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SEVEN DAYS IN SPORT: It wasn’t hard to recognise who might beat the favourite in the Cup, says RON REED as he counts his money.

OH ye of little faith, which is a quote from Jesus in the Bible. The Saviour almost certainly wasn’t talking about the Melbourne Cup – the great race goes back a long way but not that far –  but his little aphorism might have resonated with the multitude of punters who were kicking themselves after ignoring the obvious credentials of the best performed horse in the field, Verry Elleegant.

And then watching her storm home by a massive margin at luxury odds of better than $16. When you consider that backing her to run a place was twice the value of adding to the mountain of money plonked on the red-hot favourite Incentivise to win, well, you had only yourself to blame.

Unless you didn’t.

Yes, if that sounds like an insufferable gloating alert, you’re spot on. And what will be even more annoying to people like my mate Sam Kekovich, the old-time footy star who is a voracious devotee of what he likes to call the “volatile investment portfolio,” or some such gobbledegook, is that if I’m not the archetypical, original mug punter – win a few, lose a lot — I’ll do until somebody comes along who is.

In other words, it’s always been a bit of a mystery to me. I’ve never been much interested in spending hours poring over form guides or cultivating owners, trainers and jockeys like Keka loves to do. But I do greatly enjoy the whole racing experience and having a bet is an integral part of that, although for me that’s usually only when I’m actually at the track where it is possible to soak up a few clues depending on who you know.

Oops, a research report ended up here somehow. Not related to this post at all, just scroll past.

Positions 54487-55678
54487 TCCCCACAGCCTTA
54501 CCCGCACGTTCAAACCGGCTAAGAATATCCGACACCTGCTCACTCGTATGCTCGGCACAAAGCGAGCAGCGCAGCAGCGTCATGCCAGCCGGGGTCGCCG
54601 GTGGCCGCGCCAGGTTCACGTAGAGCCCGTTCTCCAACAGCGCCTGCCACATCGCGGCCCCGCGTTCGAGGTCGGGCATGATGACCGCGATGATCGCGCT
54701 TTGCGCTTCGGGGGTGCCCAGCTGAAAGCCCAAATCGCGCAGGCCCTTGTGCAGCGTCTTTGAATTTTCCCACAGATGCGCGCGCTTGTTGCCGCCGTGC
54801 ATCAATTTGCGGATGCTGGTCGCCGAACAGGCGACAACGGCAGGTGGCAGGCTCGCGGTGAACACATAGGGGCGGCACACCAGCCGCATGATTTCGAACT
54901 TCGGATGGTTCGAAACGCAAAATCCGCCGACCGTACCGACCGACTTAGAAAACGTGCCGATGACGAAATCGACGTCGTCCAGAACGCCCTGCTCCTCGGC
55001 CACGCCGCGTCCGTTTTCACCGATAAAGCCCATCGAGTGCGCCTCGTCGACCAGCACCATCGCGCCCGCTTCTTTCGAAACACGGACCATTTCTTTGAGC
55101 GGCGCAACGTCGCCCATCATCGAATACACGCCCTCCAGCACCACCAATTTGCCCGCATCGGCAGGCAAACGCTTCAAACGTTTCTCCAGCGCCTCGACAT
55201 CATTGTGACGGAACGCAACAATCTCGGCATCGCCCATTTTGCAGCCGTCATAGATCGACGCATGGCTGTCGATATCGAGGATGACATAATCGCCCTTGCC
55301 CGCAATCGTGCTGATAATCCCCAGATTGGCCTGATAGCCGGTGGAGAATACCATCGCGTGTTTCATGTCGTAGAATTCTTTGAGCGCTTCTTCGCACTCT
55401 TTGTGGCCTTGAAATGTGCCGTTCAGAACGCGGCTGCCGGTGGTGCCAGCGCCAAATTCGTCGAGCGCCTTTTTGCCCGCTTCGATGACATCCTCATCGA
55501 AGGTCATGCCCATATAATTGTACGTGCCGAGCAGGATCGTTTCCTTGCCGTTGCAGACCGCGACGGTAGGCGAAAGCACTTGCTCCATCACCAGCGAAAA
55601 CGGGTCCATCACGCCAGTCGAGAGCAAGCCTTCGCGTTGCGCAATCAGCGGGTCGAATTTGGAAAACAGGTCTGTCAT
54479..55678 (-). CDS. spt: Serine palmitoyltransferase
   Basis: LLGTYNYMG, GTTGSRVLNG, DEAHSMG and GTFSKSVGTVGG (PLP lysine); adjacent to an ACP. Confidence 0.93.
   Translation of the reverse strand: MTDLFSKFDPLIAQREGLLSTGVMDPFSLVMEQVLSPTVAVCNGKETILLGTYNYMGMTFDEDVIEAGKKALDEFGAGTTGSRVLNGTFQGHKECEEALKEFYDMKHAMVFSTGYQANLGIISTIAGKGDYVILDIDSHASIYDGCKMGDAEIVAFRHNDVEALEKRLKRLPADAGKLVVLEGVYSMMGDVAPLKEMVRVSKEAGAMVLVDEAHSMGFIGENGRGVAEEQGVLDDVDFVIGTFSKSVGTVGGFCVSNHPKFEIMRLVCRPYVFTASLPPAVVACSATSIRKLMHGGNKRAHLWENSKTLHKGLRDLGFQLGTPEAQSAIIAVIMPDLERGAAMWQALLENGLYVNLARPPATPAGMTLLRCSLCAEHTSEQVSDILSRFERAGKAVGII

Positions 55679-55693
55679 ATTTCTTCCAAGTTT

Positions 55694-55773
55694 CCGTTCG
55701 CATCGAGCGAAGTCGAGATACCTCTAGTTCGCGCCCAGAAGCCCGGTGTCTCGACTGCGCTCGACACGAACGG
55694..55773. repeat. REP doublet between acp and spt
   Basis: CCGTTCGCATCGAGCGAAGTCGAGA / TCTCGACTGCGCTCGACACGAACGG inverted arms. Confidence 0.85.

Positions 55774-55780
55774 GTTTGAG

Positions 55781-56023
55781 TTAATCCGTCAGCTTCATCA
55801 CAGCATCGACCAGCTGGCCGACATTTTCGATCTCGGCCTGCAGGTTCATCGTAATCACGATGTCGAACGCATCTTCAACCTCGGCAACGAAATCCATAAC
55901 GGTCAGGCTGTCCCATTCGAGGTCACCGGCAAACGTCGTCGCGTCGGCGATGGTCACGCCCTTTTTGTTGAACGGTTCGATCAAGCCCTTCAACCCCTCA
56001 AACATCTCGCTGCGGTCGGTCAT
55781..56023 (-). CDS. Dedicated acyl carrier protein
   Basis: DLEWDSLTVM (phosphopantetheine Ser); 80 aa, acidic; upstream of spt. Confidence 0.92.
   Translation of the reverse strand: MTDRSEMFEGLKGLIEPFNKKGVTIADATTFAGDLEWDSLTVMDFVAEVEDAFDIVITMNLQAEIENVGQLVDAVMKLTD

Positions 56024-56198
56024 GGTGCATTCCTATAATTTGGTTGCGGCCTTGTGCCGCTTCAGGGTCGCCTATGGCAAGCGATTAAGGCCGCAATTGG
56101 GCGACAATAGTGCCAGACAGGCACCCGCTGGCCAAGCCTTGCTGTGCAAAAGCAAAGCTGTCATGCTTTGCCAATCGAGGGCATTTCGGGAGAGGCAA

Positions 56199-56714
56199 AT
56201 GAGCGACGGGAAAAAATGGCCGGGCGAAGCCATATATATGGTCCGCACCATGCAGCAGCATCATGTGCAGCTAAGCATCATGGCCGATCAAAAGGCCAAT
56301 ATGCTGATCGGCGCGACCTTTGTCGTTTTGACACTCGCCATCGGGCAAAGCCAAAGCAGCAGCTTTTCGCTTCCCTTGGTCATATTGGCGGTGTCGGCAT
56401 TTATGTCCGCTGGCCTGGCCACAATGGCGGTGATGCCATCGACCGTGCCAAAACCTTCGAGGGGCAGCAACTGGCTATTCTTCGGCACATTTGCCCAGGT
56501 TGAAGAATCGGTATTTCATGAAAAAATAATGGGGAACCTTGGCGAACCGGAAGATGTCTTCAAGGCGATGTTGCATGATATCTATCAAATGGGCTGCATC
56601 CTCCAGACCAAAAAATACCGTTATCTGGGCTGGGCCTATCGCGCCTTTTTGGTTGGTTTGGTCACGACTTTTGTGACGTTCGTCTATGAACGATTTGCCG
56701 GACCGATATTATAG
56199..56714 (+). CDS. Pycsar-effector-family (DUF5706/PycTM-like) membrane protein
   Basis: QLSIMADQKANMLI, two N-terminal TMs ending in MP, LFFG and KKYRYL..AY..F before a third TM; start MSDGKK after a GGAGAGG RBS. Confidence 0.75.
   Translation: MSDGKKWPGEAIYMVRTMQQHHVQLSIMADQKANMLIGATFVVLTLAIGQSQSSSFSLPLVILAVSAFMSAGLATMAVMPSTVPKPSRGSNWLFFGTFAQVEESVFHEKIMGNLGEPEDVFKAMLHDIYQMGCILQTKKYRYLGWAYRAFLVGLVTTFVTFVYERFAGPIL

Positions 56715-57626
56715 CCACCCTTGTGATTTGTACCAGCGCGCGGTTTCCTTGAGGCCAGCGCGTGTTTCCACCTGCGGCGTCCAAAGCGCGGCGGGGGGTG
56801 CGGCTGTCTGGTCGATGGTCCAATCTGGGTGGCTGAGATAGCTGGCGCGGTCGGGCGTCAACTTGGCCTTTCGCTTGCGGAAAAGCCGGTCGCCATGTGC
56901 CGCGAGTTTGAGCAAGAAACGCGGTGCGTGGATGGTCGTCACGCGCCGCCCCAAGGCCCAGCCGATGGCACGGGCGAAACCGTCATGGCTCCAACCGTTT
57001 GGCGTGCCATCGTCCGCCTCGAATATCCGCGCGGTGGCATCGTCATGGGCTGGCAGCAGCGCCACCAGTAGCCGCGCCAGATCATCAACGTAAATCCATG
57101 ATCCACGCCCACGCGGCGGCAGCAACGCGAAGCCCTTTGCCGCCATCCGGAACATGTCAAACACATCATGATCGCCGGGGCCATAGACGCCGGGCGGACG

For obvious reasons that hasn’t happened for two years, but of course you have to make an exception on Cup Day just because it would be un-Australian not to.

And so for a $100 outlay, split between backing Verry Elleegant each way and a five-horse box trifecta, a profit north of $800 jumped in, which for my modest aspirations is up there with best-ever results. There have been better ones but not many.

Normally, I’d have poured myself a celebratory drink, or three, but my covid symptoms – including a total loss of appetite for food or drink – made that a non-starter. However, the bet was my second stroke of luck in a few days, because I had convinced myself that I had acquired the dreaded virus until a test came up negative, meaning that it was just the flu. So on balance, it’s been my lucky week.

So why was I so convinced that if anything was going to beat Incentivise – and given how often favourites fail to win the Cup, history suggested there was every chance something would – Verry Elleegant was the obvious one to do it.

Well, for one thing, this was such a lacklustre field overall that there looked to be really only two other authentic chances of that happening, the two European raiders, Spanish Mission, and last year’s winner Twilight payment. That’s why the box trifecta was a relative shoo-in, something that is rarely the case in the Cup, which is by its nature highly unpredictable. Usually.

For another, Verry Elleegant is prepared by Australia’s pre-eminent trainer Chris Waller and was being ridden by James McDonald, who is currently the most successful jockey and who didn’t appear to be engaging in mere sales talk when he kept saying she was a good thing.

And for another, the mare is Australia’s reigning Horse of the Year, for a reason, having previously won nine Group 1 races in a colossal career that had endeared her to many aficionados. And yet, even some of them turned their backs on her when it mattered most.